Aston Martin AMR1


Aston Martin AMR1

Racing car


Category = Group C sports prototype | Car_name = Aston Martin AMR1
Constructor = Aston Martin
Proteus Technologies | Team = flagicon|GBR Aston Martin
(flagicon|GBR Ecurie Ecosse)
Designer = flagicon|GBR Max Bostrom
flagicon|GBR Ray Mallock
Drivers = flagicon|GBR Brian Redman
flagicon|GBR David Leslie
flagicon|GBR Ray Mallock
flagicon|GBR David Sears
flagicon|IRL Michael Roe
flagicon|GRE Costas Los
flagicon|SWE Stanley Dickens
Test drivers =
Chassis = Carbon-kevlar monocoque
Front suspension =
Rear suspension =
Engine position = mid-mounted
Engine name = Aston Martin (Callaway) RDP87
Capacity = 6000 cc/6300 cc
Turbo/NA = naturally aspirated
Configuration = V8
Gearbox name =
Gears = 5-speed
Type =
Differential =
Tyres = Goodyear
Fuel = | Debut = 1989 480km of Dijon
Races = 7
Cons_champ = 0
Drivers_champ = 0
Wins = 0
Poles = 0
Fastest_laps = 0
Last_season = 1989
The Aston Martin AMR1 was a Group C formula racing car developed in 1989 for auto manufacturer Aston Martin. It participated in the 1989 World Sportscar Championship season and 1989 24 Hours of Le Mans.

History

Following Aston Martin's racing efforts as an engine supplier for Nimrod Racing and EMKA Racing in the early 1980s, it was decided that Aston Martin would attempt to create their own car for the World Sportscar Championship. Thus in late 1987 a partnership between Aston Martin and Scottish racing firm Ecurie Ecosse would be formed, creating a new company known as Proteus Technology Ltd. (Protech). The team would develop and run the AMR1 project, hitting the track for the first time during the 1989 season.

Richard Williams was named as the team's manager. With him, Max Boxstrom would be the lead designer and Reeves Callaway, of Callaway Cars Incorporated, would build the engine. The chassis and bodywork designed by Boxstrom would be built by British firm Courtaulds. For the engine, Callaway would use 5.3L V8 units from the newly launched Aston Martin Virage, ending up with a Convert|600|hp|kW|-1|abbr=on 6.0L engine known as the RDP87. With this combination, a total of five AMR1 chassis would be finished in early 1989.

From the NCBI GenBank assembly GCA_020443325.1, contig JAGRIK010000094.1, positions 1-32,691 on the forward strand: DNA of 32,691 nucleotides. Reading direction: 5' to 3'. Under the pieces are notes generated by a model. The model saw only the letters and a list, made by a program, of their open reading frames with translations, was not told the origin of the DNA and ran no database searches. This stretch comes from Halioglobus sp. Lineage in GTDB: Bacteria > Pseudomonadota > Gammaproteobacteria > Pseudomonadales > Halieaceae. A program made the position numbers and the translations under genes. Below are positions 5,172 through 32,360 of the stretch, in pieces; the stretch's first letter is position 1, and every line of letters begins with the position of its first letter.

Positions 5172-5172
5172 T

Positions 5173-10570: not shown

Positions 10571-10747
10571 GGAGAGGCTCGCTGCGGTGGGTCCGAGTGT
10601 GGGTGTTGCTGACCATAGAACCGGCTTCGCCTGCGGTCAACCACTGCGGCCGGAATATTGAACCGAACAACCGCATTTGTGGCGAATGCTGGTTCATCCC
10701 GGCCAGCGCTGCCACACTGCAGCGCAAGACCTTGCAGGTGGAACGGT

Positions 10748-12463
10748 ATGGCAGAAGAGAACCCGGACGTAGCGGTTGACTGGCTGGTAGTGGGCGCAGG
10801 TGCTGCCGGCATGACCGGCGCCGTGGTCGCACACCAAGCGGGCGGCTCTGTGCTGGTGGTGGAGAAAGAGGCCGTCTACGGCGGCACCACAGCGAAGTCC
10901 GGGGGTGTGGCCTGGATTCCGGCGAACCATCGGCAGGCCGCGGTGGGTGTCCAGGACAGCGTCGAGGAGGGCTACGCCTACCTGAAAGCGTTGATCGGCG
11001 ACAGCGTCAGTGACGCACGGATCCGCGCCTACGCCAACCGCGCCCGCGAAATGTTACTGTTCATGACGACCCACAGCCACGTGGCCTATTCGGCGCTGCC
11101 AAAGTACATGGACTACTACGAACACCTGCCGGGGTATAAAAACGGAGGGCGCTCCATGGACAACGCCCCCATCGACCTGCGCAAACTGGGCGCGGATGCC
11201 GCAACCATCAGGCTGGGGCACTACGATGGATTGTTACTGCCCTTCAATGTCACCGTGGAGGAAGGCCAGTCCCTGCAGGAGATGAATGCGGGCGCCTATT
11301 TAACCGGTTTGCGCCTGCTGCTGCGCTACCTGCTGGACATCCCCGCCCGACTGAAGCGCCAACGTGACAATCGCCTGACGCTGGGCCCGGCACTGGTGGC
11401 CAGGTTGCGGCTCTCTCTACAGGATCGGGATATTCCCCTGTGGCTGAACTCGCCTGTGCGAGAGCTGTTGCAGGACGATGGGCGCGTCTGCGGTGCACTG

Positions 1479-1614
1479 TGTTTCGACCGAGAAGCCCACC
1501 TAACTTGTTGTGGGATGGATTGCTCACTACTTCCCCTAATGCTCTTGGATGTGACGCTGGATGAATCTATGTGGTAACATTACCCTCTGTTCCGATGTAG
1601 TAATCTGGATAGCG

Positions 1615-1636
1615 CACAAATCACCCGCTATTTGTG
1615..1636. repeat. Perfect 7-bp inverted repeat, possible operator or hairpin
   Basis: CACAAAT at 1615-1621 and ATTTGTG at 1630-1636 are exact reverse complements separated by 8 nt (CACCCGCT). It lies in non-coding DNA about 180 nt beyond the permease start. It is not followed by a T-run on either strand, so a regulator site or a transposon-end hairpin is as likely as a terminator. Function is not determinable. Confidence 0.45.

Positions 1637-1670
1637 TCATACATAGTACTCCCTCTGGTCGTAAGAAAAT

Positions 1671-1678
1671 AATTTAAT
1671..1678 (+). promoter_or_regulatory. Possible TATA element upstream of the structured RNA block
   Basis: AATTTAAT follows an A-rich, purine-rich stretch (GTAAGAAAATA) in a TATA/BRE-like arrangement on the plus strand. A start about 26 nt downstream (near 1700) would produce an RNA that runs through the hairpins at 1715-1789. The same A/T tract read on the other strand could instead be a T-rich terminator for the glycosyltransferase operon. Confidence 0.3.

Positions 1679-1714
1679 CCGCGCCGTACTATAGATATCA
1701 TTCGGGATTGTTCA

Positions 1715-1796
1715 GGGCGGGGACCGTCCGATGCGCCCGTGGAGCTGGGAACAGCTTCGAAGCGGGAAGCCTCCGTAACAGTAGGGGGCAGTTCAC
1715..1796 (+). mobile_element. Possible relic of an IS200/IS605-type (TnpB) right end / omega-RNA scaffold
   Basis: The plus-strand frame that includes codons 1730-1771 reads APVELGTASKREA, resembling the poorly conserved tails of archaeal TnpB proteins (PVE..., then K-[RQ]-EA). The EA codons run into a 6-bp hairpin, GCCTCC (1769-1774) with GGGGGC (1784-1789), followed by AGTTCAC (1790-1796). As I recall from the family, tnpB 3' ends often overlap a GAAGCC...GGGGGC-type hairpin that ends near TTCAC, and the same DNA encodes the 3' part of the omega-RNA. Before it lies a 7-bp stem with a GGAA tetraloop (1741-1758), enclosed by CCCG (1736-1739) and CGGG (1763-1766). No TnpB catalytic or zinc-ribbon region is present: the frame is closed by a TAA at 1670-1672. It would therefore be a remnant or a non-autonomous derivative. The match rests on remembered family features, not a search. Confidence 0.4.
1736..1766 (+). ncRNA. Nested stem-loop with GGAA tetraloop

Racing Results

With AMR1 #01 completed, testing began in preparation for the first race at Suzuka Circuit in Japan. Unfortunately, #01 was involved in an accident during testing and was damaged beyond repair. Thus Aston Martin was forced to skip the first round, incurring a $250,000 fine by FIA's newly amended rule which required C1 cars to enter all round of the season and instead premiere chassis #02 at Dijon-Prenois, where it finished a disappointing 17th.

Although not part of the World Sportscar Championship in 1989, Aston Martin next turned to the 24 Hours of Le Mans. Two cars were entered, chassis #02 and #03. The cars unfortunately were underpowered in comparison to their competitors, qualifying 32nd and 40th in a field of 56 cars. During the race itself, the cars were able to run in the mid-pack before one AMR1 suffered electrical problems and was forced to retire during the first half of the race. The second AMR1 was able to continue on, was able to finish in 11th place overall.